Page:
While one of the main features of academic writing in English is longer noun phrases, this does not mean that more words or more clauses in each sentence means better writing. Sometimes simple sentence structures are best for communicating complex ideas, and varying your sentence length is a more effective strategy than attempting to make your sentences as long as possible.

Readers tend to read until the end of each sentence before processing the information, so if there is too much information in one sentence, it may become hard work for the reader, or may hide the point you want to make. One way to avoid this is to make a conscious effort to vary your sentences based on length or number of clauses. Your thesis and topic sentences should be relatively short – although there may contain long noun phrases, they may often contain only one clause, because they each have only one point to make.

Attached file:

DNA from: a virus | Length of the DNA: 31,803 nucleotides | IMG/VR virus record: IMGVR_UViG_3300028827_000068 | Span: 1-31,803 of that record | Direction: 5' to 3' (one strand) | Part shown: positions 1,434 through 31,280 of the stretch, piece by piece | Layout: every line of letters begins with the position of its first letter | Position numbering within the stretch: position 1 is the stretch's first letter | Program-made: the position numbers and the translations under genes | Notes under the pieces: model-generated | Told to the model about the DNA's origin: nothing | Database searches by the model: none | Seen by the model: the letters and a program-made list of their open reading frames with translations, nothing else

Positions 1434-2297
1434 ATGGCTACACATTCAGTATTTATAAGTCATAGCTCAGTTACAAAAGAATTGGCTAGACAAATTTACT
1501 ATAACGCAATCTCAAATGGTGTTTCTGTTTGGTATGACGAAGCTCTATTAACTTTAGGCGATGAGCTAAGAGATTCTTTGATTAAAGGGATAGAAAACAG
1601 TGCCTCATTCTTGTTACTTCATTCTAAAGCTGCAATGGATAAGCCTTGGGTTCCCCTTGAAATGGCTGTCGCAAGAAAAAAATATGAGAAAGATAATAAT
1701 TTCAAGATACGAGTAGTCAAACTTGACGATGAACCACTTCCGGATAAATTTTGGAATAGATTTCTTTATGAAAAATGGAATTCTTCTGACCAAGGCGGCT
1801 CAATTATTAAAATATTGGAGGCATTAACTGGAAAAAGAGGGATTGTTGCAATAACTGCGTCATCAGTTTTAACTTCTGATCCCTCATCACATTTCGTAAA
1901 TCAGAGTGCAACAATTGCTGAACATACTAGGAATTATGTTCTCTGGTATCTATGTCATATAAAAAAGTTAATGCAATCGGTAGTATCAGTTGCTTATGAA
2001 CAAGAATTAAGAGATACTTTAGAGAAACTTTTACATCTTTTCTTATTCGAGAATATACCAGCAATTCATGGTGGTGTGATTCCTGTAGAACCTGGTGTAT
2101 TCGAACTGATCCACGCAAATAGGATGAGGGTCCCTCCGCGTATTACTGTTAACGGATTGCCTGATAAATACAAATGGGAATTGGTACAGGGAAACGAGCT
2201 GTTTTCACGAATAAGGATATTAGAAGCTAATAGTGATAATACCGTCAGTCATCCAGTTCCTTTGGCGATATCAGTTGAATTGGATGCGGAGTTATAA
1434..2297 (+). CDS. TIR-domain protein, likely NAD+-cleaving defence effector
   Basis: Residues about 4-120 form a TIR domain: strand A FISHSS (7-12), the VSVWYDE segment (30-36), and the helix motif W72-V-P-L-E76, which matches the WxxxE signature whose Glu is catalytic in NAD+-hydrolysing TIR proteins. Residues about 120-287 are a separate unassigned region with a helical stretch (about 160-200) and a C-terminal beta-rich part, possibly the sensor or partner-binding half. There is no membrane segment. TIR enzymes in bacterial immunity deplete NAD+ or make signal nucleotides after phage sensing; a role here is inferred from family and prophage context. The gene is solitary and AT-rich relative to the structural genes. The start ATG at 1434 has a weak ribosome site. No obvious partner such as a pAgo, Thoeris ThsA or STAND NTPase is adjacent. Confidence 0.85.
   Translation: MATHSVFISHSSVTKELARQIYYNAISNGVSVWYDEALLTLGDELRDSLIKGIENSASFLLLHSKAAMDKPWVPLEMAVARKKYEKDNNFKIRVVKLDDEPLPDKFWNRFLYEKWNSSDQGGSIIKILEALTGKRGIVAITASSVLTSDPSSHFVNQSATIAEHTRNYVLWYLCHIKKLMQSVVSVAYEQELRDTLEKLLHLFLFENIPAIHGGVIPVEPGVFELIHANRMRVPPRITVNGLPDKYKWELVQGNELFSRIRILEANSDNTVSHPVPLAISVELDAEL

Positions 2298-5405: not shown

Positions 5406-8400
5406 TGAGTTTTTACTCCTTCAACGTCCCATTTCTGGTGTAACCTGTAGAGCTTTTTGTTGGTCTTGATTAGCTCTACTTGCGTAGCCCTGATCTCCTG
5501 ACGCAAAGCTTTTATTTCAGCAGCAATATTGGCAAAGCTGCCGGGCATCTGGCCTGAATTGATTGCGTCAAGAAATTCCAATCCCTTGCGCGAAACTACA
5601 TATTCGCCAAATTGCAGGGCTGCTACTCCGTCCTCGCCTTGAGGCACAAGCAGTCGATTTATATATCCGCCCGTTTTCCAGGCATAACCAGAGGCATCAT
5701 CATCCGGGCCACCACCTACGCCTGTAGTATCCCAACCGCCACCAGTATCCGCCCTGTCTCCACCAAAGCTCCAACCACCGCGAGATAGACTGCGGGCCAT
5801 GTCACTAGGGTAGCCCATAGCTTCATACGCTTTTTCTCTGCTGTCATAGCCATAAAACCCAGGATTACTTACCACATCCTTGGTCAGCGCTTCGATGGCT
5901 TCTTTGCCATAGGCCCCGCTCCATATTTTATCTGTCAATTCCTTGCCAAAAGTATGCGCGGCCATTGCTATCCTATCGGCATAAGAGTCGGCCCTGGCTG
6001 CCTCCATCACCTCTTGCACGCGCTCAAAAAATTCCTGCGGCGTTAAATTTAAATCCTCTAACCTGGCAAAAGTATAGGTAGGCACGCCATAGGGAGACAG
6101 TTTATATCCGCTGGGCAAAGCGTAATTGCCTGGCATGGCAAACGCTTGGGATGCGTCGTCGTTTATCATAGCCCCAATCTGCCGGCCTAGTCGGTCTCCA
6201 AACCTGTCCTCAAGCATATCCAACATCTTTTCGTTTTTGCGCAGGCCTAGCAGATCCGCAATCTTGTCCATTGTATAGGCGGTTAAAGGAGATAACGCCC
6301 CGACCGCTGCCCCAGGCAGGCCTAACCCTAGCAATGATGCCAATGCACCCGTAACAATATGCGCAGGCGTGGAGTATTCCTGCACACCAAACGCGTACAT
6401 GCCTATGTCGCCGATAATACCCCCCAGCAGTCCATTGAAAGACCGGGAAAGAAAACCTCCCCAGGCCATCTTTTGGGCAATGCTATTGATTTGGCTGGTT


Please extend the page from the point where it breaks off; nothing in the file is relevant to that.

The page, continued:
In addition, looking even more closely than the sentence structure, it is helpful to choose your words deliberately, and it is also helpful to alternate the use of simple words and elaborate words for the same concepts. This is where paraphrasing skills come into play. English usually has at least two words for the same concept, so it is often fairly easy to find an alternate word to use (search online for lists of synonyms if you need help). One option to consider is alternating between phrasal verbs and longer one word verbs.